The Unexpected Silver Lining When A Band Cried Sex-Tape Leak

Photo: Courtesy of Ricky Tompkins.
I sent my first "suggestive" selfie when I was 21, living a cool 7,742 miles from my boyfriend as he was entering the corporate world in Chicago and I was trying to save the world through nonprofit work in Burundi. I was not and am still not entirely comfortable with sexting or even with taking selfies, mostly because I'm not very good at them, but distance and desperation are powerful motivators. After multiple deleted takes, the photo ended up looking fucking amazing. And it was for me and my boyfriend alone.

That self-portrait has remained private, but this was not the case, it seemed, of the supposed sex tape of romantic couple Jona Bechtolt and Claire L. Evans, who together make up the L.A.-based dance-pop band YACHT. On Monday, the two announced on YACHT's Facebook page that a sex tape they had made together had been leaked "due to a series of technological missteps and one morally abject person." They assured their fans that they had begun legal proceedings against this unnamed culprit, then went on to say:

Just because we are public figures does not mean we asked for this. Like anyone, we still deserve to have a choice about what we share with the world. Today we no longer have that choice. But our hope is that you fundamentally understand that choice and you choose not to view a private act that was inadvertently made public. We hope you understand that this is not a delicious scandal. This is an exploitation.

Bechtolt and Evans added that they understood the video would spread whether they wanted it to or not and so they had decided to sell it for download themselves, so that at least they would make some money. "It shouldn't have come as any surprise that Pamela Anderson never saw a dime from the tape she filmed with Tommy Lee, and Paris Hilton lost a court battle with the man who leaked their private video," they explained. "We’re not as savvy as the Kardashians, but something occurred to us this morning: We could try and distribute the video directly to you ourselves."

The outpouring of encouragement from the public was immediate. "Thank you for all that you do," one commenter responded to the duo's Facebook post. "We will always be here to support you. Not even looking for [the sex tape]."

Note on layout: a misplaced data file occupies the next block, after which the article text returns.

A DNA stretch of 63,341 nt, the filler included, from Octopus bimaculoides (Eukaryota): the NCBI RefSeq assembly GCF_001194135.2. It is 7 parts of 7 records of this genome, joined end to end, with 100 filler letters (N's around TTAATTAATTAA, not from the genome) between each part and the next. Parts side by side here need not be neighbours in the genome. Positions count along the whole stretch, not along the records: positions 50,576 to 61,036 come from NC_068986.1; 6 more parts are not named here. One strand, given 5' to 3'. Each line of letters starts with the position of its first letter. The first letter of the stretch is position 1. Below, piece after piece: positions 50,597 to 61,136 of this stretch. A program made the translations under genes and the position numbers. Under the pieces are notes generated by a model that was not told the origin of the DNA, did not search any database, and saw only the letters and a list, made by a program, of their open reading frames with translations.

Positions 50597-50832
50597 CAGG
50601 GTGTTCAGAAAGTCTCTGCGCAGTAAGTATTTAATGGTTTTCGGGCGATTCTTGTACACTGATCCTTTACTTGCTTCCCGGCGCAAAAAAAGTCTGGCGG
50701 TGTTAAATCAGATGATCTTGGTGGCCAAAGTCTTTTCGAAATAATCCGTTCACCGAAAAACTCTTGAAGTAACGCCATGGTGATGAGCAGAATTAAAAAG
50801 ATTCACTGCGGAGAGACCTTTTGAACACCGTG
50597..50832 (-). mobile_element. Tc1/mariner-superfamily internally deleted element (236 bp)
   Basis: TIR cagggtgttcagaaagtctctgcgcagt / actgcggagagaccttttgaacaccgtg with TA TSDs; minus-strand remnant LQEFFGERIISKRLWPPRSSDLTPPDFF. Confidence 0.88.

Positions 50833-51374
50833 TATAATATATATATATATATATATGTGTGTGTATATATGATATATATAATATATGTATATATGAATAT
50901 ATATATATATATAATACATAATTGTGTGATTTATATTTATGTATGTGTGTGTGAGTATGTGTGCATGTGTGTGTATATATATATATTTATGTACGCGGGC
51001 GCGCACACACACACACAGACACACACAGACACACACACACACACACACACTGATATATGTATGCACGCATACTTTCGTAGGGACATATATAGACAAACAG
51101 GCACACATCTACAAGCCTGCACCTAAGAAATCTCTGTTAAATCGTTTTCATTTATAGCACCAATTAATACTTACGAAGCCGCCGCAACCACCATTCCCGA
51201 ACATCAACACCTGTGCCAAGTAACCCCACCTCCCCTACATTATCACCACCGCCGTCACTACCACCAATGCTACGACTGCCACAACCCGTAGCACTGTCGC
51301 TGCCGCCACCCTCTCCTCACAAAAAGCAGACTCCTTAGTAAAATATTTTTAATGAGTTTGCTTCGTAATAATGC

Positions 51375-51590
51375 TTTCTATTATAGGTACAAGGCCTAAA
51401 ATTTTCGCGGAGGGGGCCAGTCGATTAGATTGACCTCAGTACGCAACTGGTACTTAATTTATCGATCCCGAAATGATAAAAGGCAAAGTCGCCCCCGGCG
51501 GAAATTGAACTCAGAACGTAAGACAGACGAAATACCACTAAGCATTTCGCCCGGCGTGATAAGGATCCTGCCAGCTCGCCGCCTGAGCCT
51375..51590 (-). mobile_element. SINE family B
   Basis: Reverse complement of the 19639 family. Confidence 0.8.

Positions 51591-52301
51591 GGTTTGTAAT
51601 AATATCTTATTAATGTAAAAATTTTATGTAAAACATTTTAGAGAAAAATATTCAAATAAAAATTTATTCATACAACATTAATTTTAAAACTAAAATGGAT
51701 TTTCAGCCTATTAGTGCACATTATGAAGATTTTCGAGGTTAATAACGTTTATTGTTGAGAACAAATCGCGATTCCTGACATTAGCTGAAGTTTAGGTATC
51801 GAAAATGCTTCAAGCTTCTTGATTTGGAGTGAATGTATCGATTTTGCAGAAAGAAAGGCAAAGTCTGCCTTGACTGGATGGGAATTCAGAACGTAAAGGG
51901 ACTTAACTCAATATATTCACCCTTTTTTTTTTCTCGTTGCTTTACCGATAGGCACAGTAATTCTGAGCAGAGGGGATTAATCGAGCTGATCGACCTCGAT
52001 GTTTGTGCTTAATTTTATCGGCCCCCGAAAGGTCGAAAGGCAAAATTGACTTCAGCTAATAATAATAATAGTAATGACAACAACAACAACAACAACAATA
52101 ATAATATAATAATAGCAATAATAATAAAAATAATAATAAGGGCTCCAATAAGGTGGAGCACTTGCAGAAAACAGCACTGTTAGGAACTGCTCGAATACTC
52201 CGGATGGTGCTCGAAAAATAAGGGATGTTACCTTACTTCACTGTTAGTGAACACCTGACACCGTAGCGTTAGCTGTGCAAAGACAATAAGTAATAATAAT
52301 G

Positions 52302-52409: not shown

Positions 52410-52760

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The outpouring of encouragement from the public was immediate


"I still love you guys and I'm sorry some doofus took something private and made it public," another wrote. "Karma is alive and well, and they'll get theirs. Your music and artwork mean the world to me, sex won't stop that."

But wait — psych, guys! Save your empathy, because there was no leak and there is no sex tape, just an "artsy" short film of the two on PornHub. The whole thing was a publicity stunt, the band revealed yesterday in an unapologetic statement that they today replaced with an apologetic one. Jezebel corroborated with evidence that the band had reached out to Gawker in hopes of help spreading the hoax to promote their upcoming music video.

"We didn’t anticipate the outpouring of genuine support, due partially to the credulity with which this story was so extensively and immediately reported," YACHT wrote in yesterday's now-replaced statement. "It’s a project that allowed us to play with science fiction, the attention economy, clickbait journalism, and celebrity sex tapes all at once."

So, to recap: This band claims that a sex crime — because the release of explicit footage of you without your consent is nothing different and nothing less — has been committed against them. They say that they refuse to justify their actions or feel shame, eliciting the support of countless fans and observers who unite to marvel at the depravity of the person responsible. YACHT then reveals that, haha, the entire saga was a goof, and says the joke is really on "clickbait journalism" for "extensively and immediately" reporting on an alleged sex crime and on the dignified response of the public figures against whom it was supposedly committed.

the release of explicit footage of you without your consent is a sex crime

And like that, the swell of support for the band turned to anger. "Your fake sex tape fiasco to generate PR for your band completely and totally mocks and undermines efforts to make revenge porn a serious crime," a top comment on the band's Facebook post on the "leak" reads, "especially given the number of suicides and personal lives that have been ruined over people legitimately doing this." And indeed, as Jezebel pointed out, revenge porn — the release of explicit material featuring someone who has not consented for it be shared — has destroyed and taken lives, including those of Audrie Pott, who died from suicide at age 15 after photos of her sexual assault were shared, and Rehtaeh Parsons, who died from suicide at age 17 following the distribution of a photo of her being raped.